The real question facing the Bush administration is why did the Department of Justice choose to unseal the indictment now? Gadahn’s indictment was unsealed with a dramatic flourish only last week, when it was updated to include the last of five videotapes, which aired September 11. The best explanation for the curious timing: The November 7 election, otherwise known as the national referendum on Congressional underage gay sex and cover-ups. The White House needed a quick headline on Fox to make it look like it was actually going after Osama bin Laden, and settled for the Karl Rove of al Qaeda. Now there’s an idea. Could Karl Rove be indicted for treason?
Shoot the Attorney
What? Los Angeles city government needs one more lawyer? Rocky Delgadillo’s office overflows with 520 of them, yet the city attorney still can’t deliver service that pleases the City Council? Certainly a case can be made that the City Council — and the rest of us too — deserves a better lawyer than Billboard Rocky. But the council’s hiring last week of its own attorney “for independent legal advice,” as different news reports put it, smells more like retribution and lawyer shopping than a sincere effort to build a better city. Rocky’s relationship with the 15 Mighty Egos fell on hard times with his memo outlining all of the legal problems riddling Measure R, the ballot question that would allow City Council members to serve three terms instead of two. With Rocky still recovering from his defeat in the attorney general’s race, maybe the council should have amended the ballot wording to include a third term for the city attorney.
The crippled measure remains on the November 7 ballot despite a Superior Court judge’s opinion that it should be thrown out, and an appeal court’s promise to dissect the measure if it wins. Bring on the scrutiny. Things haven’t been this rocky since, well, the term of the last city attorney, Jim Hahn. Remember the 1991 battle over whether Hahn faced a conflict of interest in advising both the City Council and Police Commission on whether to fire Police Chief Daryl Gates?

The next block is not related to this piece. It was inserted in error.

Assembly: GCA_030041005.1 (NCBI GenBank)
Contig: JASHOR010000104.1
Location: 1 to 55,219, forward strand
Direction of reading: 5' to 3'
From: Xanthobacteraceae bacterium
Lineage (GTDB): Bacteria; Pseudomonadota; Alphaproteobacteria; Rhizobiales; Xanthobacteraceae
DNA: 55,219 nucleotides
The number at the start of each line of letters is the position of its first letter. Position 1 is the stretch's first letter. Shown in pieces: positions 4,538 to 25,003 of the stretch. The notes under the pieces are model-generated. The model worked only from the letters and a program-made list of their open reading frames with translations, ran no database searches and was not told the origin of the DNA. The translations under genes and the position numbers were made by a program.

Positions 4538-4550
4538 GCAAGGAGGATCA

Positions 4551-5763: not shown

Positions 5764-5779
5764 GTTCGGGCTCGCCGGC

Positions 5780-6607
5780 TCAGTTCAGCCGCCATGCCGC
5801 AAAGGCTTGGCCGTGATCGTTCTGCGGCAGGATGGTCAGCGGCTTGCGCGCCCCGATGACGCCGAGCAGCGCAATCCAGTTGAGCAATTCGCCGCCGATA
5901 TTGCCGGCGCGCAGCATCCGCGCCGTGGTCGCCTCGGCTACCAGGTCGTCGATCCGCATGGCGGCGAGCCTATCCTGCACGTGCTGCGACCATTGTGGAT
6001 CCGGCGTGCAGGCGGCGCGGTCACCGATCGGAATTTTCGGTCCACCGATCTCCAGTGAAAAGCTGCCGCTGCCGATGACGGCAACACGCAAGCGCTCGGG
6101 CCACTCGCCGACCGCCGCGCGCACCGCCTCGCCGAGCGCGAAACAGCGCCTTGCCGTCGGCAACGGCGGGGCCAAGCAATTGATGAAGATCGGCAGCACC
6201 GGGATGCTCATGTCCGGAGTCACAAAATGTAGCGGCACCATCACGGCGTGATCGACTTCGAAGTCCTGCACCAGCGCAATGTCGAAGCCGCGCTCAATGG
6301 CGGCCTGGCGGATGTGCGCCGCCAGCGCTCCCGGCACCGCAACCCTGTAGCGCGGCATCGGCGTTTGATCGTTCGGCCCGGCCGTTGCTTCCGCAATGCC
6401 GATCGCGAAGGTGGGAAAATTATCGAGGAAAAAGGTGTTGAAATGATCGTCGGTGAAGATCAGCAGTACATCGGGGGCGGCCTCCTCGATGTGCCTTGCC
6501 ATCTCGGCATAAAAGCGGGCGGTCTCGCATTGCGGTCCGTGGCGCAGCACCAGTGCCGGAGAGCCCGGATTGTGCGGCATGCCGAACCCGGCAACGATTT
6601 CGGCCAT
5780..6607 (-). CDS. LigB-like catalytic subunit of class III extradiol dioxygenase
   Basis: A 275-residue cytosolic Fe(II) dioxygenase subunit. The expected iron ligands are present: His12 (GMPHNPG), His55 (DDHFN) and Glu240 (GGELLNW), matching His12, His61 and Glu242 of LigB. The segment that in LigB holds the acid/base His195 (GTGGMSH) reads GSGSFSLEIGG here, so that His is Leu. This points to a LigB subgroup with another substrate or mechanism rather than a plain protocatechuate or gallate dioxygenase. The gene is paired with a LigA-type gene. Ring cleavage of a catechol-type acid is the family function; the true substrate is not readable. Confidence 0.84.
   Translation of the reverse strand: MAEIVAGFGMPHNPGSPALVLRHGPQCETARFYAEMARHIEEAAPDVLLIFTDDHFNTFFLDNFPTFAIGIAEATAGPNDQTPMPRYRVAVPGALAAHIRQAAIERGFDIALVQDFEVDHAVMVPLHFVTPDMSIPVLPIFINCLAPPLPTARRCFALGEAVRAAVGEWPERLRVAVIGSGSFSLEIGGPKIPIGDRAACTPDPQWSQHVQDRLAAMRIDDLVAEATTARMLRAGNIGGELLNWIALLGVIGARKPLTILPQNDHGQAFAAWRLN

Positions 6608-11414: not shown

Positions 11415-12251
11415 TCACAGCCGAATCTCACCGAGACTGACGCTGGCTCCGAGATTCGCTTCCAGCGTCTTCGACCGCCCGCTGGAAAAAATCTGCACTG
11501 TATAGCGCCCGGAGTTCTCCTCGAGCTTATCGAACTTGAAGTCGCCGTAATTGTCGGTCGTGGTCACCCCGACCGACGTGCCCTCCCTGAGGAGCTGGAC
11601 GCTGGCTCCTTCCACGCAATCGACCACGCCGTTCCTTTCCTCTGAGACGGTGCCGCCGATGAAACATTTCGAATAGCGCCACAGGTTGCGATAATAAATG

. L.A. Times’ editors showed uncanny insight naming the psychoanalysis of their paper — the assigning of three of the paper’s investigative journalists to report on how Spring Street can connect better with its readers — after one of Edward Teller’s projects. But instead of the geographically misguided Manhattan Project, we recommend a name inspired by Teller’s 1983 meeting with President Reagan: The Strategic Defense Initiative — or, Star Wars on Spring Street.
. Phil “the Whiner” Angelides should have asked us how to upstage Governor Steroid’s appearance on Jay Leno’s Tonight Show. We would have told him to forget the equal-time argument made by Democratic Congressman Xavier Becerra in a letter to the FCC (we hope it wasn’t done on the taxpayers’ dime) and advised the Whiner to book himself a week at the Improv to showcase his own act: “Best Impersonation of . . . Jimmy Hahn.”
Get the ICYMI: Today's Top Stories Newsletter
Catch up on the day's news and stay informed with our daily digest of the most popular news, music, food and arts stories in Los Angeles, delivered to your inbox Monday through Friday.